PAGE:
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October 21, 1987 - Image 8

Resource type:
The Michigan Daily, 1987-10-21

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Page 8-The Michigan Daily-Wednesday, October 21, 1987



America' spast

By Debra Chesnin
Ask any of the people strolling
through the Diag today, and they
will probably know that this year is
the 200th anniversary of the United
States Constitution. But how many
are aware that this year is also the
200th anniversary of the first
performance of The Contrast ?
The number of people who have
even heard of The Contrast is very
small. The school of Music hopes
to shed some enlightentment with
its upcoming presentation of it, the
first published American play.
The Contrast was first performed
in May, 1787 and it is no
coincidence that both The Contrast
and the Constitution were written in
the same year.
"The Music Deptartment wanted
to salute the bicentennial of the
Constitutuion in some way, " says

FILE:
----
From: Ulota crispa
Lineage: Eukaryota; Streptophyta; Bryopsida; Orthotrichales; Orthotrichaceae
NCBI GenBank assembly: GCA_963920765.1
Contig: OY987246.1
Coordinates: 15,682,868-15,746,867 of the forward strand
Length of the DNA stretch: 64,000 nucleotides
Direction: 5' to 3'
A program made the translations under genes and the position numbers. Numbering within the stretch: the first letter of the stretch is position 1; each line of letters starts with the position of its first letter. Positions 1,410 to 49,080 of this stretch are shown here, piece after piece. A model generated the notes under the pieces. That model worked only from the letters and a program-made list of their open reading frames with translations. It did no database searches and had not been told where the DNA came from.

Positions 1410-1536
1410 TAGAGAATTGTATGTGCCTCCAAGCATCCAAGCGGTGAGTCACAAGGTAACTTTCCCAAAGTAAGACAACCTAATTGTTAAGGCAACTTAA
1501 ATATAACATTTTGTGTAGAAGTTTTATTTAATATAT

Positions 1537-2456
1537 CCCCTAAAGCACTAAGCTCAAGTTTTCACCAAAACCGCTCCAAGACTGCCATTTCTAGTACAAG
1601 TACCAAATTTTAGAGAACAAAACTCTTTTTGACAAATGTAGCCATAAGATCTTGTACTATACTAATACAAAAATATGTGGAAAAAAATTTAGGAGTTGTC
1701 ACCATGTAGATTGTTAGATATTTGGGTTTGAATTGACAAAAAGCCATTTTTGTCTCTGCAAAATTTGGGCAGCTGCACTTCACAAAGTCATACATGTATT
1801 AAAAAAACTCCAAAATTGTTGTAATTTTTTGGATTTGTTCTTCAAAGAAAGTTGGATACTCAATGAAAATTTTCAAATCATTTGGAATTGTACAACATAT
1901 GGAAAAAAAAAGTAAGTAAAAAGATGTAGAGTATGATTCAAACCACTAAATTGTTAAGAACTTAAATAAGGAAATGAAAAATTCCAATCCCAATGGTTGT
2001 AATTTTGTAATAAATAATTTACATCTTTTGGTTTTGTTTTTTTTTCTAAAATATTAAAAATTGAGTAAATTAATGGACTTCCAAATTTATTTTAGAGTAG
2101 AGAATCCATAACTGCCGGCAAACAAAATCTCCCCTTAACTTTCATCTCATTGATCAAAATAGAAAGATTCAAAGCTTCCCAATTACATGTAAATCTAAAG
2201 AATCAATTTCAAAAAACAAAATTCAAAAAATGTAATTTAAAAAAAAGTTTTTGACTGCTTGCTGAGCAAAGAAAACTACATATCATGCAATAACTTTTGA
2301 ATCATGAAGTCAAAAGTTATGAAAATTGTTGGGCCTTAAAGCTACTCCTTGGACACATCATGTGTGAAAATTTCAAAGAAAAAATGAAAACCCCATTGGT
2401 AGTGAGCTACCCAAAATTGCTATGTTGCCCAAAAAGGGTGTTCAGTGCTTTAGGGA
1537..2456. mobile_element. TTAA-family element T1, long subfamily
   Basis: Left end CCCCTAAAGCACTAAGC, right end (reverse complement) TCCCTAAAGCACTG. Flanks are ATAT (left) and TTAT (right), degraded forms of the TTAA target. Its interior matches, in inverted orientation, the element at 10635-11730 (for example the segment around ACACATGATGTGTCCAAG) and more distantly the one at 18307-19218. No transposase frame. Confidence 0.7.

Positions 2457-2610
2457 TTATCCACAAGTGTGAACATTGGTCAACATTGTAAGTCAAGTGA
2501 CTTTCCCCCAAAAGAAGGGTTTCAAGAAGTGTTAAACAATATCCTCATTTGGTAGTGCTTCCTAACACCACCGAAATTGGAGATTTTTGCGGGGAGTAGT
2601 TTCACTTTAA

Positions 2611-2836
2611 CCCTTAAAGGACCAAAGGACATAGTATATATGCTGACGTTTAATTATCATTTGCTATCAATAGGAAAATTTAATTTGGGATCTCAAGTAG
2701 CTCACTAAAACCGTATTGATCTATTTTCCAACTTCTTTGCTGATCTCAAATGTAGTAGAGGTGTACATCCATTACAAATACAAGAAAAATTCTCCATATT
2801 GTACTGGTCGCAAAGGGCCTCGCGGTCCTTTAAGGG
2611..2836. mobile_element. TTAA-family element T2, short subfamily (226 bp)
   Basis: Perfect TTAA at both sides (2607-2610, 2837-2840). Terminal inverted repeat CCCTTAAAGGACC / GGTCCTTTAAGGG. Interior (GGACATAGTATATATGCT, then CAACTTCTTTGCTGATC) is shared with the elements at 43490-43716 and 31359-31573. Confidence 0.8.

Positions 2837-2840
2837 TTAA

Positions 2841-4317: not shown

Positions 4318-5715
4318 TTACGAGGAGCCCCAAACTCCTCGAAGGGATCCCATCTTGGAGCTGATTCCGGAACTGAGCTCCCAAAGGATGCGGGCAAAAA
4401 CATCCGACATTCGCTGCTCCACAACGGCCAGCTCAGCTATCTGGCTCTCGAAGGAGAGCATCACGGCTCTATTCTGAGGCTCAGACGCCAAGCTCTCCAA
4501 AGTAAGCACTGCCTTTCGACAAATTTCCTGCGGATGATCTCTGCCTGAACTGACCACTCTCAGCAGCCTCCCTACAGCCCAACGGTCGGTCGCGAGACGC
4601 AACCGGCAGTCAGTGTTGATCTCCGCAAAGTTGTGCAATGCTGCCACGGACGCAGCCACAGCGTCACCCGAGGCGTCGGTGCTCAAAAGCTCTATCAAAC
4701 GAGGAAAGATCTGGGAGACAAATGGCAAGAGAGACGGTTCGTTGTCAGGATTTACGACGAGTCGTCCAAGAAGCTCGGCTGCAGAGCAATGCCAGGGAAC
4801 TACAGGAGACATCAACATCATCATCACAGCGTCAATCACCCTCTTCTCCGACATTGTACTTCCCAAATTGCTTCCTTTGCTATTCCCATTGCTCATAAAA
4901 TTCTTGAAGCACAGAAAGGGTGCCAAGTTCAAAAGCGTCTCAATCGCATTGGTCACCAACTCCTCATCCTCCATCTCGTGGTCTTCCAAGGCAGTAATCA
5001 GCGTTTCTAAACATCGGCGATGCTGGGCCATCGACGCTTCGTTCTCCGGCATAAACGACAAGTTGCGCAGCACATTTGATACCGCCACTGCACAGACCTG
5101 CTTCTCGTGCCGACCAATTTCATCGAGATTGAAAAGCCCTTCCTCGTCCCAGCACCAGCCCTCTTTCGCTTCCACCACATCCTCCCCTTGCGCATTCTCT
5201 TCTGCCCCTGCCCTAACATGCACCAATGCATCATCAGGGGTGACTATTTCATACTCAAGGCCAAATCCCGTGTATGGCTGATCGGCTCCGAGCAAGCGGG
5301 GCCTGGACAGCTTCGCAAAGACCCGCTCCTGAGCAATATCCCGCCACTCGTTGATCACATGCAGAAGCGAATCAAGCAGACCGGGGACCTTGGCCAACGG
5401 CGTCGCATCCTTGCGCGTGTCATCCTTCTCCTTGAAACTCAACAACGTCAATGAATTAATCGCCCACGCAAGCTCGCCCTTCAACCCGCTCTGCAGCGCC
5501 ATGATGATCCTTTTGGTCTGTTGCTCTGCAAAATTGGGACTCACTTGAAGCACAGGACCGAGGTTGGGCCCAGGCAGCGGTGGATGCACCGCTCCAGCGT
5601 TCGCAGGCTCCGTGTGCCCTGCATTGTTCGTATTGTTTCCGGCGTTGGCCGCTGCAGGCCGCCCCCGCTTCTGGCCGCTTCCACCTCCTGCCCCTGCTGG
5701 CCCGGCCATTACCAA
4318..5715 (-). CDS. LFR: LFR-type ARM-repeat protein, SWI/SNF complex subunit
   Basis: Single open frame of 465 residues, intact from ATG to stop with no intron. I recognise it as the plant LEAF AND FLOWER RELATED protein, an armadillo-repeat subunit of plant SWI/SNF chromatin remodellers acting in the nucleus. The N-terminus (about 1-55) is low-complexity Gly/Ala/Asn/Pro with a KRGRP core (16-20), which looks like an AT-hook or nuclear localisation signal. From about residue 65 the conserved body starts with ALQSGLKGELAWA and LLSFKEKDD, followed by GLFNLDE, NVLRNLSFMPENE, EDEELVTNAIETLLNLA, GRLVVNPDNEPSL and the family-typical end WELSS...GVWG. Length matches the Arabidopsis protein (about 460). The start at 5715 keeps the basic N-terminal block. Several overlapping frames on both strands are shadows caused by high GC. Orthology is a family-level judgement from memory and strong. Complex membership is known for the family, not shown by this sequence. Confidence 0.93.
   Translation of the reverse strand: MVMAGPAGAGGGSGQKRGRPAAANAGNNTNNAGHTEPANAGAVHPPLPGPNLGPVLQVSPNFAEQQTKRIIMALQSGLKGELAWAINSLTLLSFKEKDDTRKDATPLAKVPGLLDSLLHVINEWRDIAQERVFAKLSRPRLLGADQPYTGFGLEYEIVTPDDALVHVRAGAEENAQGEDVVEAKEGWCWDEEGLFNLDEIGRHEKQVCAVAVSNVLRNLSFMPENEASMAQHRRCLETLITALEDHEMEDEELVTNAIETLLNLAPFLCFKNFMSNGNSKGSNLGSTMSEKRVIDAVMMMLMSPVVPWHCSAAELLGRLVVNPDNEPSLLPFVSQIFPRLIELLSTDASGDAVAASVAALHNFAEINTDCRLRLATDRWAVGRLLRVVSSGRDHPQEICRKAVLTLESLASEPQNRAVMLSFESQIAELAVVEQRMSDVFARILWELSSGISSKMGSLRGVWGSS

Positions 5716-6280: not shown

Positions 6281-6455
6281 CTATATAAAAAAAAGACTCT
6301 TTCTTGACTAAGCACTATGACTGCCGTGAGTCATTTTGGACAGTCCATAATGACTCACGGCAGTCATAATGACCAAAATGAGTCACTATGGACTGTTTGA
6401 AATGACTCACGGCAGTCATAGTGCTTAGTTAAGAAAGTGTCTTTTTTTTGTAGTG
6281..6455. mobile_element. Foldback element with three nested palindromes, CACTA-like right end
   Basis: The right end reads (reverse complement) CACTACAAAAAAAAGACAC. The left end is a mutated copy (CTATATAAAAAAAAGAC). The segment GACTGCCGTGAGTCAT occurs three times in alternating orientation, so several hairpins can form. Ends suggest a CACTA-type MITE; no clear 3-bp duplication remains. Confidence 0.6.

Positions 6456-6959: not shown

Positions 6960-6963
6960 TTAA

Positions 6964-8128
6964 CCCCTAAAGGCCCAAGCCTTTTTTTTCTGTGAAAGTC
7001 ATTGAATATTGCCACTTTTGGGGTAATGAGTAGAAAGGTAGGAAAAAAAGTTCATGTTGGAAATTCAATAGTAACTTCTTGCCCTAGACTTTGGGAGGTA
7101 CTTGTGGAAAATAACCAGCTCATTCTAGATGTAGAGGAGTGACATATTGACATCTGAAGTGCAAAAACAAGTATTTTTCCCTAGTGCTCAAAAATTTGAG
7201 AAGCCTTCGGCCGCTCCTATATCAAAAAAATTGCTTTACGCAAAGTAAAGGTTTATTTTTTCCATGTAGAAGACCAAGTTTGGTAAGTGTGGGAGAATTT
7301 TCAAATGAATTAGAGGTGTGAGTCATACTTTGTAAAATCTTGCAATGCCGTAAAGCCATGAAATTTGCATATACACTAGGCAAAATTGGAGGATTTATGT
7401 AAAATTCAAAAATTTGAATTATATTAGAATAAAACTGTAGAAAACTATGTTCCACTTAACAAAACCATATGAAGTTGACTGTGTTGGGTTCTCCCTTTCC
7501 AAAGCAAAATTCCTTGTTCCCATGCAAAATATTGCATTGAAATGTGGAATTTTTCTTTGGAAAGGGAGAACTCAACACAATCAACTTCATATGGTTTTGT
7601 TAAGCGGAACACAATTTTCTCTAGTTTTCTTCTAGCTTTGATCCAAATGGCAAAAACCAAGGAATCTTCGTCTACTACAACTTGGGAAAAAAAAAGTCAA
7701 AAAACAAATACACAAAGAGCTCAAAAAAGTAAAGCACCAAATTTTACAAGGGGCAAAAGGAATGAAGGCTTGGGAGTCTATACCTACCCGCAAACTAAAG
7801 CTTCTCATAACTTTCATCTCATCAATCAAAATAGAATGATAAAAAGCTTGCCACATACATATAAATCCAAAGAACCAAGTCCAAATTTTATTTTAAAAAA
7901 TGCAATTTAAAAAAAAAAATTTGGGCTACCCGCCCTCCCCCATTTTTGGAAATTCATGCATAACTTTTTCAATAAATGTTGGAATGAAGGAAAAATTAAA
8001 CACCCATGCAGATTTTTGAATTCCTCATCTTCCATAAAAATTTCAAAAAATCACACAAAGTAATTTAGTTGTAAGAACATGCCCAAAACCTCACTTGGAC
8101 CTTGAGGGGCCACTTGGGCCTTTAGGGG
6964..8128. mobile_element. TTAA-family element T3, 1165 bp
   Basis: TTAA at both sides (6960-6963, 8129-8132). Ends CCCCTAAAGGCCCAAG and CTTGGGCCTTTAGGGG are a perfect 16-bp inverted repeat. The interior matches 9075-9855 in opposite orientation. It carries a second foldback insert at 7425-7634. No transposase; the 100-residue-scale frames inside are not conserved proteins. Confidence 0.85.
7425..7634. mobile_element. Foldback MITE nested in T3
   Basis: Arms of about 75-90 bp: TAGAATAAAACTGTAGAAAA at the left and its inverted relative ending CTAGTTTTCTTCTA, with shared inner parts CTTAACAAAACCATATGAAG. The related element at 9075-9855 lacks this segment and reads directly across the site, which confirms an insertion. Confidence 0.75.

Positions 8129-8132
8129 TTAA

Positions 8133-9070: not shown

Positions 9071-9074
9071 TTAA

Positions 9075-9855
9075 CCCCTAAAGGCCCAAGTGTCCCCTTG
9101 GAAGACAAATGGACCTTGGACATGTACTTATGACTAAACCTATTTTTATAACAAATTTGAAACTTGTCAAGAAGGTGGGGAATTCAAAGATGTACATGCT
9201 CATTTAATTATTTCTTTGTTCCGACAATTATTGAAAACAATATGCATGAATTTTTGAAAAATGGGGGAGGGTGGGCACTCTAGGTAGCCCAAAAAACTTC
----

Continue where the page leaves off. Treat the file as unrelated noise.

director Richard Klautsch. "They
thought the play was a g o o d
showcase of American values."
These values are portrayed by the
"true-blue yankees" and the "affected,
pretentious, and rougish Americans
who emulated the worst European
habits," says Klautsch. The contrast
between these values is t h e
inspiration for the play's title.
The play is a love story that
praises the truthful and straight-
forward ways of the Americans.
Lawyer and Army officer, Royall
Tyler, wrote the play in an effort to
get the audience to give up their
European ways of life and try to act
in a uniquely "American" style.
University Players explains that
they have produced the play in an
effort to convey its uniquely 18th
century style of acting and stage-
craft. "We only have certain ideas of
what they did in the 18th century,"
says Klautsch. "It would be difficult

to try to copy it. Rather, we are
adapting some of the conventions
used at the time."
According to Klautsch, the acting
style of the 18th century was much
broader and less naturalistic than the
style used in today's theatre and
films "The style is almost
melodramatic." In addition to the
early American acting style,
members of the cast will also be
performing authentic early American
songs during the show.